The Bible asks, “For who has despised the day of small things?” (Zech. 4:10) And yet, there are too many people who do. They feel the need for the establishment of a huge bureaucracy in order to care for the truly needed.
Many will appeal to the Bible in an attempt to make the case that government welfare is a biblical command.
Nothing could be further from the truth. Charity is personal and local as the story of the Good Samaritan (Luke 10:25-37) shows and Jesus’ words in Matthew 25:
“For I was hungry, and you gave Me something to eat; I was thirsty, and you gave Me something to drink; I was a stranger, and you invited Me in; naked, and you clothed Me; I was sick, and you visited Me; I was in prison, and you came to Me” (vv. 35-36).
It does not say, “and Caesar gave Me something to eat,” because civil governments don’t have anything to give.
Here’s a story of small acts of charity that result in huge results of appreciation and help at Rosa’s Fresh Pizza:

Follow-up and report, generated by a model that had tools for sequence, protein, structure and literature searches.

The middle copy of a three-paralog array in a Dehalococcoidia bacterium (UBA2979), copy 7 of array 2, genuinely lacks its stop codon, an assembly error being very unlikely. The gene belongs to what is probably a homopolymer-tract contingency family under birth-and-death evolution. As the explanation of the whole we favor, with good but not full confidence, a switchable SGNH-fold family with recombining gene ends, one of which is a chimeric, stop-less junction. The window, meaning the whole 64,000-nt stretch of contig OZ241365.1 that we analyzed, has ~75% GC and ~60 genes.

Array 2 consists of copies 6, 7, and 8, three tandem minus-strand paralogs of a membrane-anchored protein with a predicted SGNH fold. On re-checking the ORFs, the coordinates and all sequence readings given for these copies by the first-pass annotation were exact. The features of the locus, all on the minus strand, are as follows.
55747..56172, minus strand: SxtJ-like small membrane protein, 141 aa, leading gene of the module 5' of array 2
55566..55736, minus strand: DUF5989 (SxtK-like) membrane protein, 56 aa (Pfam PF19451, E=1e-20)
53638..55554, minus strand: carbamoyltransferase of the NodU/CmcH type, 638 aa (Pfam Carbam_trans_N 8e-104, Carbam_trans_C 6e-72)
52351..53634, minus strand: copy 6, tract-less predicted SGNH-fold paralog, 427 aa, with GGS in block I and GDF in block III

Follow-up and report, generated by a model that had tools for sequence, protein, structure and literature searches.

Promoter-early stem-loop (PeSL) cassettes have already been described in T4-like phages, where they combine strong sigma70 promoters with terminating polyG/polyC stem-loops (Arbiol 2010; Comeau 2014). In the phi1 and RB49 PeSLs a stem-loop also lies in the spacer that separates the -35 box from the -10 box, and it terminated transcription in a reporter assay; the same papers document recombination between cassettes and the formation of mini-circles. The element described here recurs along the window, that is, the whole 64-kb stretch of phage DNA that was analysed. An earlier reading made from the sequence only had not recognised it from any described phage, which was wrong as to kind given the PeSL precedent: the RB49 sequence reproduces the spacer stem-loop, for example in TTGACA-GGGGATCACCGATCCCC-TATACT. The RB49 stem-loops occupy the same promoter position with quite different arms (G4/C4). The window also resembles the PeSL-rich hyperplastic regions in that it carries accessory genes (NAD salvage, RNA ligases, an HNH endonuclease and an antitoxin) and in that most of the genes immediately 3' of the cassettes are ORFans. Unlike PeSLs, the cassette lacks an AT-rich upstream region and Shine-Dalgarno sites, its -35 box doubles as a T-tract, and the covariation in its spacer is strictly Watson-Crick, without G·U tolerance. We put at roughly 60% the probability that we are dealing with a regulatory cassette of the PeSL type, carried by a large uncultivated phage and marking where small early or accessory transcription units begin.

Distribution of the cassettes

Some pizza restaurants decorate the walls with signed photos of minor local celebrities who once stopped by for a slice.
At Rosa’s Fresh Pizza in Philadelphia, the shop is adorned with Post-it notes and letters. The messages are from customers who gave $1 so homeless members in the community could get a slice, which costs $1.
“The homeless, they come in and say, ‘I hear you give out free pizza to homeless people,’ owner Mason Wartman tells The Salt.
The pay-it-forward pizza program started about a year ago, Wartman says, when one paying customer asked if he could buy a slice for a homeless person. “I said, ‘Sure.’ I took his dollar and ran out and got some Post-it notes and put one up to signify that a slice was purchased,” he recalls.
Then there’s the story of six-year-old Jaden Hayes who lost both of his parents at a young age. But he is determined to live life with joy. As Steve Hartman shows us, the six-year-old is embarking on a mission to turn frowns into smiles.